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  1. Foundations of Niklas Luhmann’s Theory of Social Systems.Alex Viskovatoff - 1999 - Philosophy of the Social Sciences 29 (4):481-516.
    Of all contemporary social theorists, Luhmann has best understood the centrality of the concept of meaning to social theory and has most extensively worked out the notion's implications. However, despite the power of his theory, the theory suffers from difficulties impeding its reception. This article attempts to remedy this situation with some critical arguments and proposals for revision. First, the theory Luhmann adopted from biology as the basis of his own theory was a poor choice since that theory has no (...)
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  • Towards a radical constructivist understanding of science.Alexander Riegler - 2001 - Foundations of Science 6 (1-3):1-30.
    Constructivism is the idea that we construct our own world rather than it being determined by an outside reality. Its most consistent form, Radical Constructivism (RC), claims that we cannot transcend our experiences. Thus it doesn't make sense to say that our constructions gradually approach the structure of an external reality. The mind is necessarily an epistemological solipsist, in contrast to being an ontological solipsist who maintains that this is all there is, namely a single mind within which the only (...)
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  • New biology Jakob von Uexkülls Umweltlehre.Aldona Pobojewska - 2001 - Semiotica 2001 (134).
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  • Der Charakter der Mathematik zwischen Philosophie und Wissenschaft.Michael Otte - 1989 - Philosophica 43:79-126.
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  • Autotranscendence and Creative Organization: On Self-Creation and Self-Organization.Anders Michelsen - 2007 - Thesis Eleven 88 (1):55-75.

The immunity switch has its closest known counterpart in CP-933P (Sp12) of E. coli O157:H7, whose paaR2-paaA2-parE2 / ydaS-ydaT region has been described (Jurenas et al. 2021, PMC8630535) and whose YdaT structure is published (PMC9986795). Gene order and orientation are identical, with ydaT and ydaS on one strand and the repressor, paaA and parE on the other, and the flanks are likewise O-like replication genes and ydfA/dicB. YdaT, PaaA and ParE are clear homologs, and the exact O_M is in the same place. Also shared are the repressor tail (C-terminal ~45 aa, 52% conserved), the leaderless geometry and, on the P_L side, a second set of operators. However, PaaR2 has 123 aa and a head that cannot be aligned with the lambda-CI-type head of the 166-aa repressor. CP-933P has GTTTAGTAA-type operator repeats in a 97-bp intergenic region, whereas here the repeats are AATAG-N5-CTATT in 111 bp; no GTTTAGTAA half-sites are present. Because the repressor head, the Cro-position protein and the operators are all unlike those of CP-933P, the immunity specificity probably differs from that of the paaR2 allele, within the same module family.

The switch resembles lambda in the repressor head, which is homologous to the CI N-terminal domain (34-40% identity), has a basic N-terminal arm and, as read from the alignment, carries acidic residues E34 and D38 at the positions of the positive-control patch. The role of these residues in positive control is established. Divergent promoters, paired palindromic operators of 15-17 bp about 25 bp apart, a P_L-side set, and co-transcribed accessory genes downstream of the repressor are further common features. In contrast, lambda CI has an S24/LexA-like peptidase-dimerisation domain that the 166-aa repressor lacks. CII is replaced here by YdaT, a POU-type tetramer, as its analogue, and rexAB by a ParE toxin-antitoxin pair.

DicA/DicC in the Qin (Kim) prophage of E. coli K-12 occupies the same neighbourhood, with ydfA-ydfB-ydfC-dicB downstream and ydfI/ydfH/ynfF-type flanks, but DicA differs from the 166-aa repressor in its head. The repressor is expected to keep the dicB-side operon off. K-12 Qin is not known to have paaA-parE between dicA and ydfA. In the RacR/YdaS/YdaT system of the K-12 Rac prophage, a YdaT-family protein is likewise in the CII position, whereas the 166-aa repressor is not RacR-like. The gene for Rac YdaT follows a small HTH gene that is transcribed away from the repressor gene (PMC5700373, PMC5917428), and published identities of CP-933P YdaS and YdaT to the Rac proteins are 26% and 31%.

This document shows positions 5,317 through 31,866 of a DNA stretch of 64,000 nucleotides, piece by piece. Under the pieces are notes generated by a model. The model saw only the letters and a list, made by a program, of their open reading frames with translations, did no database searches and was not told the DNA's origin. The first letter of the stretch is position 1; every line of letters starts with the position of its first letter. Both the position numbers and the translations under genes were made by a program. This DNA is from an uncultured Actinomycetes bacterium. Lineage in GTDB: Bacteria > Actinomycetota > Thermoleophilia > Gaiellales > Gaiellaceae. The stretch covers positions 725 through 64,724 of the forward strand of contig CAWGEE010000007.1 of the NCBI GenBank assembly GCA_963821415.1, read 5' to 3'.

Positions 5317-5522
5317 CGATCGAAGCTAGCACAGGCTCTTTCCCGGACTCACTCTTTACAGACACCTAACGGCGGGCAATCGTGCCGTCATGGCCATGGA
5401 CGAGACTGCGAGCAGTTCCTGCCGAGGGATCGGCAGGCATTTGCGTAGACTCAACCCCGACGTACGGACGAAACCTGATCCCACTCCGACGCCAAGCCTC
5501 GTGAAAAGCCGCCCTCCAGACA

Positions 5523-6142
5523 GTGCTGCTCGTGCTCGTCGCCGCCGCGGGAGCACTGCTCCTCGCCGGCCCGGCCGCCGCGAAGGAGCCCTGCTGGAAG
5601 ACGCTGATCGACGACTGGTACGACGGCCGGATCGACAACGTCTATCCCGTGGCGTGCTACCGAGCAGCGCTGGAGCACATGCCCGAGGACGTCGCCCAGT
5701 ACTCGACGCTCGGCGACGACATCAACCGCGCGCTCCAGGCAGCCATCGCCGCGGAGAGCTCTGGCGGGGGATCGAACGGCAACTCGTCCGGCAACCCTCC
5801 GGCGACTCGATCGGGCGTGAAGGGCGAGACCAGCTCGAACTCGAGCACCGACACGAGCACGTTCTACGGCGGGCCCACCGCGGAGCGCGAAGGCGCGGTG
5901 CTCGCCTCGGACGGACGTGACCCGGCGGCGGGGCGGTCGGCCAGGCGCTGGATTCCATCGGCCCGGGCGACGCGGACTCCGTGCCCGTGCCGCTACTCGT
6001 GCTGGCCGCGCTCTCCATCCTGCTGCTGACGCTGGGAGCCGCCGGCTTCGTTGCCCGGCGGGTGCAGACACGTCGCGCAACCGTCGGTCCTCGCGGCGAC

This article discusses the issue of social and cultural ‘autotranscendence’ - self-production, creativity - in the debates on self-organization. The point of departure is Cornelius Castoriadis’s idea of ‘self-creation’. First, a schisma between mechanical and ontological modeling is indicated and used to introduce the idea of a ‘creative organization’. This is further discussed in relation to Jean-Pierre Dupuy’s concept of social ‘autotranscendence’ by ‘complex methodological individualism’, with particular respect to the incomprehension of the social. Following Johann P. Arnason’s treatment of (...)
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  • Philosophy of Science and Education.Walter Jung - 2012 - Science & Education 21 (8):1055-1083.
  • The Art of Perception: From the Life World to the Medical Gaze and Back Again.Christian Hick - 1999 - Medicine, Health Care and Philosophy 2 (2):129-140.
    Perceptions are often merely regarded as the basic elements of knowledge. They have, however, a complex structure of their own and are far from being elementary. My paper will analyze two basic patterns of perception and some of the resulting medical implications. Most basically, all object perception is characterized by a mixture of knowledge and ignorance (Husserl). Perception essentially perceives with inner and outer horizons, brought about by the kinesthetic activity of the perceiving subject (Sartre). This first layer of perceptual (...)